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Newport News is a city in Warwick County, Va. which is one of the world's great ship building centers. The second Newport News (CA-148), a heavy cruiser, was laid down 1 November 1945; launched on 6 March 1948 by Newport News Shipbuilding and Dry Dock Company, Newport News, Virginia; sponsored by Mrs. Homer T. Ferguson; commissioned 29 January 1949, Captain Roland N. Smoot commanding.

In addition to annual deployments to the Mediterranean from 1950 to 1961 for duty with the Sixth Fleet, she participated in major fleet exercises and midshipman training cruises in the Caribbean and Western Atlantic. In early September 1957, Newport News was on station in the Eastern Mediterranean in preparation for any contingency during the Syrian crisis. In March 1960, while steaming 75 miles northeast of Sicily, Newport News was ordered to proceed to Agadir, Morocco, to render assistance to the survivors of that earthquake shattered city. She steamed 1,225 miles in 40.5 hours at an average speed of 31 knots, arriving on 3 March to provide medical and material aid. With the assassination of General Trujillo and the resulting instability in Santo Domingo, Newport News was underway on short notice on 4 June 1961, and proceeded to a station in international waters off the Dominican Republic to await further orders. When the crisis terminated, the ship returned to Norfolk after conducting training exercises off Puerto Rico.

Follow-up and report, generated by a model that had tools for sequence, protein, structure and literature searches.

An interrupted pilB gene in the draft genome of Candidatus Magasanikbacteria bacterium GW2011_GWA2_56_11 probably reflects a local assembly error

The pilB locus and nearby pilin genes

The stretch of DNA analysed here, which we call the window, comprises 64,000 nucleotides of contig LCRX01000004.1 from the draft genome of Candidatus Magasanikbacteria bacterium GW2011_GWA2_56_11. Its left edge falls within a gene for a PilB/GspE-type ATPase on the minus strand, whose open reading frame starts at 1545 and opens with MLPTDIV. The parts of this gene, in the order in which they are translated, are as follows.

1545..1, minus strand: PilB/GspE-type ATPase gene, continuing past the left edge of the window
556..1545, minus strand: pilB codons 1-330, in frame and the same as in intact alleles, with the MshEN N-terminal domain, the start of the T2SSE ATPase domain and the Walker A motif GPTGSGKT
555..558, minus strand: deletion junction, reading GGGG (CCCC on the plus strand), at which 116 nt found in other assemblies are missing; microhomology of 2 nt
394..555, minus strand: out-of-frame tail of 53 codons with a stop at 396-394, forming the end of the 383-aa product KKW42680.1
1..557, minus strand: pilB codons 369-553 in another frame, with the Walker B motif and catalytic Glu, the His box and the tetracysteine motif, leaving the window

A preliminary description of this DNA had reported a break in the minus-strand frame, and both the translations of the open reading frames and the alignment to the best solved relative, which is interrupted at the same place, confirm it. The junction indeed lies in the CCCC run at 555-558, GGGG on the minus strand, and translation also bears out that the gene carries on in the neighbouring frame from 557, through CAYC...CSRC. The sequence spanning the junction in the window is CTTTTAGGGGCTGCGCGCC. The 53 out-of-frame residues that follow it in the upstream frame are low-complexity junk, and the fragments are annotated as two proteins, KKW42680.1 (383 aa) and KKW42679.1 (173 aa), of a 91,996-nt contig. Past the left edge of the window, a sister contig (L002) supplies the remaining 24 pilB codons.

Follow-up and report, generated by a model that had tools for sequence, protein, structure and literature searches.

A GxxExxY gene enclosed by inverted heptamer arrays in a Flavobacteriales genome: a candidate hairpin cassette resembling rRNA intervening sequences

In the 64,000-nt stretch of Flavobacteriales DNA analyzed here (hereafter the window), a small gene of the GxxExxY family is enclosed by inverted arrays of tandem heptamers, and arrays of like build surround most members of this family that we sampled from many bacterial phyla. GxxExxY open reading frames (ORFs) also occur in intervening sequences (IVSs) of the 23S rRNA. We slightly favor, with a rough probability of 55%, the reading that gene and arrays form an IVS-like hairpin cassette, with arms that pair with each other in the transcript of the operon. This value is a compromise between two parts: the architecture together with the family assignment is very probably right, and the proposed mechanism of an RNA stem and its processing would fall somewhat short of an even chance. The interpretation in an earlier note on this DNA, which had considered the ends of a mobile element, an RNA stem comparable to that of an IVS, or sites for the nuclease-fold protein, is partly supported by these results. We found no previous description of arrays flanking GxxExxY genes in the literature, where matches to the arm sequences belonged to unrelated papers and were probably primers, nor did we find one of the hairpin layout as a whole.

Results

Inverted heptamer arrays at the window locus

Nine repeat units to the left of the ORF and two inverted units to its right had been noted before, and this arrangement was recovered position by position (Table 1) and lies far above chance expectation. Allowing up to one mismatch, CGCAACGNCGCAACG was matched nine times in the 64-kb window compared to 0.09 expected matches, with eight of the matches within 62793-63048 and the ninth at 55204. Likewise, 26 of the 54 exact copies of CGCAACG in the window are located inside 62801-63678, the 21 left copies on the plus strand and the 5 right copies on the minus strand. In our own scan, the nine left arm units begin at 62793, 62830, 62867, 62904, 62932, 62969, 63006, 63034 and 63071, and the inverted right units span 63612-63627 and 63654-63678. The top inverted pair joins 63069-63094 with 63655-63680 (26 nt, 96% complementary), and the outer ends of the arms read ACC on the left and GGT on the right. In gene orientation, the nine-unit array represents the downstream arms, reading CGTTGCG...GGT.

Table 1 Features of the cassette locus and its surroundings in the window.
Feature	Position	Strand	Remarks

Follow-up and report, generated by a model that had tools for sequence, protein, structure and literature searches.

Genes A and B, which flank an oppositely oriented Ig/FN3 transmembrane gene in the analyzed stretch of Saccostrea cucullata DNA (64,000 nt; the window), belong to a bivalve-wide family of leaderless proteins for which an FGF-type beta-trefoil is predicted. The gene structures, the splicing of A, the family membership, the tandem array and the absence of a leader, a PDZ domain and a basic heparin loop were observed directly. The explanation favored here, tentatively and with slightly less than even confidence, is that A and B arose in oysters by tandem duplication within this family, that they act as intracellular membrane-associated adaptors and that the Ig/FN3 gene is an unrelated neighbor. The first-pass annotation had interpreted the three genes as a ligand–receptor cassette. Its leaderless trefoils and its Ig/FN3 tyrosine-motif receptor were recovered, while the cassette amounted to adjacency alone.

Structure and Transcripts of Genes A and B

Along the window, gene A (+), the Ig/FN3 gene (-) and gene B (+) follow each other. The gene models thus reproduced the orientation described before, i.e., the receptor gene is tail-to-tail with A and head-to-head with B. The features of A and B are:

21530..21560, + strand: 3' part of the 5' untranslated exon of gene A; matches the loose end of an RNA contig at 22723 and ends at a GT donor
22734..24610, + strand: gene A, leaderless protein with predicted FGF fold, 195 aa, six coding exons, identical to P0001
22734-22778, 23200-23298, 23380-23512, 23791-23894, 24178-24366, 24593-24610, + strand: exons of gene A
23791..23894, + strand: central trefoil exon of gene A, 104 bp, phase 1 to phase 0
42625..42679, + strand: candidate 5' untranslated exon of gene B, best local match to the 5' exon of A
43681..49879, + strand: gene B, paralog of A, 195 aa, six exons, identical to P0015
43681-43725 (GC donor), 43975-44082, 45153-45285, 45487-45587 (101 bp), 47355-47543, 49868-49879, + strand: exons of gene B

Newport News' berthing and communications facilities were modified in the winter of 1962 to accomodate Commander Second Fleet and his staff. In August 1962, she participated in NATO Exercise RIPTIDE III, and upon the end of the exercise, made a month long tour of Northern European ports as flagship of ComStrikFltLant, the NATO role of Commander Second Fleet.

Within a month after return to Norfolk, Newport News was underway on 22 October along with other units of the Atlantic Fleet for the Cuban Quarantine. For the next month, acting as flagship for ComSecondFlt, CA-148 was on station northeast of Cuba. When the Soviet MRBM's were dismantled and removed from Cuba, Newport News assisted in the missile count. Upon cancellation of the quarantine, she returned to her homeport of Norfolk the day before Thanksgiving.